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Mar 1, 2021

Rates, Bullshift, My Strategy And CAPE

by John DeGoey
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John De GoeyAs most readers will likely know, there’s an inverse correlation between interest rates and Price/Earnings (P/E) ratios. This is especially true for the Shiller Cyclically Adjusted Price Earnings (CAPE) ratio. This relationship is both intellectually intuitive and empirically obvious once you superimpose and examine the data. The simple reason revolves around the interplay between risk and return. When the risk-free rate is extremely high, as it was in the early 1980s, people will simply avoid taking much of it because the guaranteed return on bonds is so attractive. This is especially true for so-called “ordinary investors”, where most of the money is held in government sponsored plans like Registered Retirement Savings Plans (RRSPs) or, more recently, Tax-Free Savings Plans (TFSAs), since the higher inclusion rate on income is not a factor in registered plans.

In the current environment, the situation is reversed. Interest rates are piddling, so investors are prepared to take on more risk. There is no meaningful alternative. Having a guarantee is nice, but when that guarantee is essentially nothing more than a simple assurance of getting your own money back, most people would sooner take their chances elsewhere. That grudging willingness to invest in something—anything—that at least has a chance of making money down the road can cause people to take risks that they would never take in “ordinary” times.

Many advisors act as though this risk/reward tradeoff is immaterial. It most certainly is not. They speak glowingly of their role as behavioural coaches since they usually dissuade their clients from making knee-jerk decisions about anything that has so much as a hint of market timing associated with it. To be clear, I’m not opposed to focus and discipline—far from it. However, I am opposed to parking your brain at the door and ignoring extreme developments simply because things generally go a certain way under “normal” circumstances. At the very least, advisors should acknowledge the high probability of disappointment a stock investor might encounter under these conditions. The risk to investors is enormous, but advisors are collectively whistling past the graveyard with blithe indifference to the times they live in. They usually don’t even mention any concern about high valuations. This is a “bubble” environment.

Bullshift

I’m working on a new book to be released in 2021 called “Bullshift”. It’s cheeky, I know. The word is a portmanteau with two constituent parts: bull (as in the belief that markets will rise) and shift (as in the diversion of attention). The financial services industry, in my respectful and considered opinion, has an “all optimism, all the time” mindset that does not always serve investors well, especially when markets are expensive.

As a result of the mindset noted above, I call Bullshift. No one giving advice to retail clients seems willing to contemplate the demise of their own business model and value proposition. So, advisors deny it, as if it will go away as a result of being ignored. This is clear evidence of both status quo basis and self-serving bias. It’s like the cigarette industry in the 1960s or big oil in the 2010s. Instead of solving the problem, the participants deny, deflect and discredit those who are pointing out self-evident truths.

Since there is no credible way to rebuff observable behaviour, most advisors simply don’t talk about it and hope no one will notice. I would not go so far as to call this malfeasance, but I would go so far as to suggest a severe overabundance of optimism owing to the lack of critical thinking and contextualization that advisors so often promote as part of why their involvement in decision-making is necessary. It’s simply not reasonable to portray the stock market glass as being at least half full all the time, no matter what.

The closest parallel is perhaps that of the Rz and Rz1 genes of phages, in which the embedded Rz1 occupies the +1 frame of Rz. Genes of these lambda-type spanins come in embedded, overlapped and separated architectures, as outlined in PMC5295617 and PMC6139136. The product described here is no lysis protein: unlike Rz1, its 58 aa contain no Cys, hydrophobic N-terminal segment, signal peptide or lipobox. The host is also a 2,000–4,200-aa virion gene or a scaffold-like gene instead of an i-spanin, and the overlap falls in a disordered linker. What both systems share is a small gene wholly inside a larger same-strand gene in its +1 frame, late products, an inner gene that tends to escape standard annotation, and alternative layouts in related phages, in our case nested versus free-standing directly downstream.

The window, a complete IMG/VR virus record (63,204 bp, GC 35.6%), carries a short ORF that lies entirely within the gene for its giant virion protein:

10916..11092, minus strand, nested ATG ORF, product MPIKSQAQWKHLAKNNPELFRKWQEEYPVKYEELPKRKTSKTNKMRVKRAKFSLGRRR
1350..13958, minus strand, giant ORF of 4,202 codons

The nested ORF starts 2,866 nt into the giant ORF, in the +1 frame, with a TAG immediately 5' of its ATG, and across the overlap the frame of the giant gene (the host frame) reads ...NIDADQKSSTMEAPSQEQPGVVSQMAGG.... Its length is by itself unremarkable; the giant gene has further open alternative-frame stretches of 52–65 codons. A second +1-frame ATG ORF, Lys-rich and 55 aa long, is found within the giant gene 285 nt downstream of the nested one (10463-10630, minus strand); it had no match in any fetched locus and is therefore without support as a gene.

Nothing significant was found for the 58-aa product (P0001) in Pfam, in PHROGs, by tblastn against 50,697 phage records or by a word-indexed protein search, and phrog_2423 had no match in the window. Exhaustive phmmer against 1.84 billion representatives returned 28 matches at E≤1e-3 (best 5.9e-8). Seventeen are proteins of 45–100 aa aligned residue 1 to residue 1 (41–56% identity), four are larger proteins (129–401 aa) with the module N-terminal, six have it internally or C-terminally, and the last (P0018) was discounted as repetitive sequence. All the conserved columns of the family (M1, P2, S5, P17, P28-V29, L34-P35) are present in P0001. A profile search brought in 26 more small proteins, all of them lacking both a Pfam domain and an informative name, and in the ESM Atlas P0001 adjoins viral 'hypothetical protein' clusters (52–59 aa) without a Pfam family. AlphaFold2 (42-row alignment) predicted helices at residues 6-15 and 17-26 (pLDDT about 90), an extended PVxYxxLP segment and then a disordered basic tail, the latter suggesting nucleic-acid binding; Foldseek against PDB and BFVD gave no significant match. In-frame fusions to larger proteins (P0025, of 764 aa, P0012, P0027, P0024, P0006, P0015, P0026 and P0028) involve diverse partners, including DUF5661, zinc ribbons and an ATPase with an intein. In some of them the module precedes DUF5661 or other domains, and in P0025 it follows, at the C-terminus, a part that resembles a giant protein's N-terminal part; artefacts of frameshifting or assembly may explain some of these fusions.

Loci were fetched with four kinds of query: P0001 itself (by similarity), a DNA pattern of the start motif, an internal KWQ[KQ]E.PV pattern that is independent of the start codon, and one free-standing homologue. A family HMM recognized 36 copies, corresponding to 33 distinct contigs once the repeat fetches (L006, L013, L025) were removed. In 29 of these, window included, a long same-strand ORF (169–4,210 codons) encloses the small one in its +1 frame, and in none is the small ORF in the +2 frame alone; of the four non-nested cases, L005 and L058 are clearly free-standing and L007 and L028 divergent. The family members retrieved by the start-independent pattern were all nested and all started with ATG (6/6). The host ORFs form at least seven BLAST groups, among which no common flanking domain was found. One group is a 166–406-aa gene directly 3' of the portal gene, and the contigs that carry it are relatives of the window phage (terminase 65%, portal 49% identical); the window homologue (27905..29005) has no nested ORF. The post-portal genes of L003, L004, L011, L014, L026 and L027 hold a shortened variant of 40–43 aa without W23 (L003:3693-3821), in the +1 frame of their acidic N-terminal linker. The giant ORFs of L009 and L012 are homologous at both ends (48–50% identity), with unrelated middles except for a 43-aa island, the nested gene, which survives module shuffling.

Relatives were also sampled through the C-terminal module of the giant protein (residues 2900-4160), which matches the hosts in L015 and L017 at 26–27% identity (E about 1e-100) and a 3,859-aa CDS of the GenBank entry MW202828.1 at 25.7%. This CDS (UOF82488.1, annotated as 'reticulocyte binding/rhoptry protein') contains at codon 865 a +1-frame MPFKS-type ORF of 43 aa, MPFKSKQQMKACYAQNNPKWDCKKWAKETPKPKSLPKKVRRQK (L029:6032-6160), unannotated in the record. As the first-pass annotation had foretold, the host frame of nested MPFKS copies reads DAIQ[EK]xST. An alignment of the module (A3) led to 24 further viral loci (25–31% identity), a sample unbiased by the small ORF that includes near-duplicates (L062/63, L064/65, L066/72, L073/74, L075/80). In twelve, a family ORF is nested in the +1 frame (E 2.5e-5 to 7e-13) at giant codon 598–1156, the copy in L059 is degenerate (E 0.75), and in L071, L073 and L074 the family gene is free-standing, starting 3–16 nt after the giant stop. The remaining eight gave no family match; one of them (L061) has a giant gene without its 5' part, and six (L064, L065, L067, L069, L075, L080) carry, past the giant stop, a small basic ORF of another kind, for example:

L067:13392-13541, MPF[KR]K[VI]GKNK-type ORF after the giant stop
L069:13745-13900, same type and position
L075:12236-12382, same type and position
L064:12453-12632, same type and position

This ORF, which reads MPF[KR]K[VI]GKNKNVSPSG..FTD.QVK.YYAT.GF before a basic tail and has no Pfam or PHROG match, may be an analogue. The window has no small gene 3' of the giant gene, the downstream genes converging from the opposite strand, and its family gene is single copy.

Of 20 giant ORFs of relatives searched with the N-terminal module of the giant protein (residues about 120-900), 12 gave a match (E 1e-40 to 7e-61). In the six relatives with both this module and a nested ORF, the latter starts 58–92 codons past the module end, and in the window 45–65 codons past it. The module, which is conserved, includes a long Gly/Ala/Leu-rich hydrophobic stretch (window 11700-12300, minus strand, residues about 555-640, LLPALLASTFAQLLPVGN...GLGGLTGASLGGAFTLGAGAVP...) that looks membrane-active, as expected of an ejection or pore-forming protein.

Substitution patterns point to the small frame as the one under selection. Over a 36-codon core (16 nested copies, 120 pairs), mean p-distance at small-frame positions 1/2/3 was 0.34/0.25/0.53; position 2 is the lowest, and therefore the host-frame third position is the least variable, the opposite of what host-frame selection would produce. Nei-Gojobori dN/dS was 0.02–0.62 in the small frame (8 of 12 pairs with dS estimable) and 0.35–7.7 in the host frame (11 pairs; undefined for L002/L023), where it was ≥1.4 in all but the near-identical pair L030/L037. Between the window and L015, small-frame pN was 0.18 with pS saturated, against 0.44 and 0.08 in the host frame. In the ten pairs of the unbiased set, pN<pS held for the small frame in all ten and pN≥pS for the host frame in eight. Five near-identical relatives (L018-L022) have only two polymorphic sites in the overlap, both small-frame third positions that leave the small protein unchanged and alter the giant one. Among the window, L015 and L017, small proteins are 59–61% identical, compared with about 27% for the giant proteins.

In 2020, Donald Trump told bald-faced lies about voter fraud and claimed—without a shred of evidence—that there were massive, material irregularities in the American electoral process. He did so before, during and after the election. Unfortunately, many people have difficulty in discerning truth when they hear a narrative repeated over and over. Indeed, polls in the weeks following the election showed that well over half of the people who voted for him (and a significant portion of those who did not) believed his story. Of course, saying something is true doesn’t make it true. Motivated reasoning is everywhere. Donald Trump provides clear evidence that people at the top are not beyond creating false narratives for personal gain.

We’ve all heard the phrase, “If it ain’t broke, don’t fix it”. So, what if an entire industry profits from the brokenness? Fixing problems that maximize profits is bad for business. Better to deny the problem exists in the first place. Corollary: even if it is broke, if you’re making money as a result of “it” being broken, don’t fix it then, either. Keep it broken (read: profitable) for as long as you can: it’s good for business. Expect narrative fallacies about staying invested through all cycles and conditions to run rampant in the coming years. Surely, there must be some instances where purposeful, strategic (as opposed to random, emotional) selling is warranted. What are those conditions? Like Whitney Houston once said: “How will I know?”

Ignoring dividends and taxes, the 40-year return for bonds is comparable to the 40-year return in stocks for Canada (1980-2020). That’s simply incredible—especially since the P/E ratio for the Canadian stock market was near all-time lows 40 years ago. Simply put, we’ve had a 40-year bull market in both stocks and bonds, but especially in bonds. That is nearing the end. In fact, we may have already reached it. Don’t shoot the messenger, but I fear the good times are largely behind us.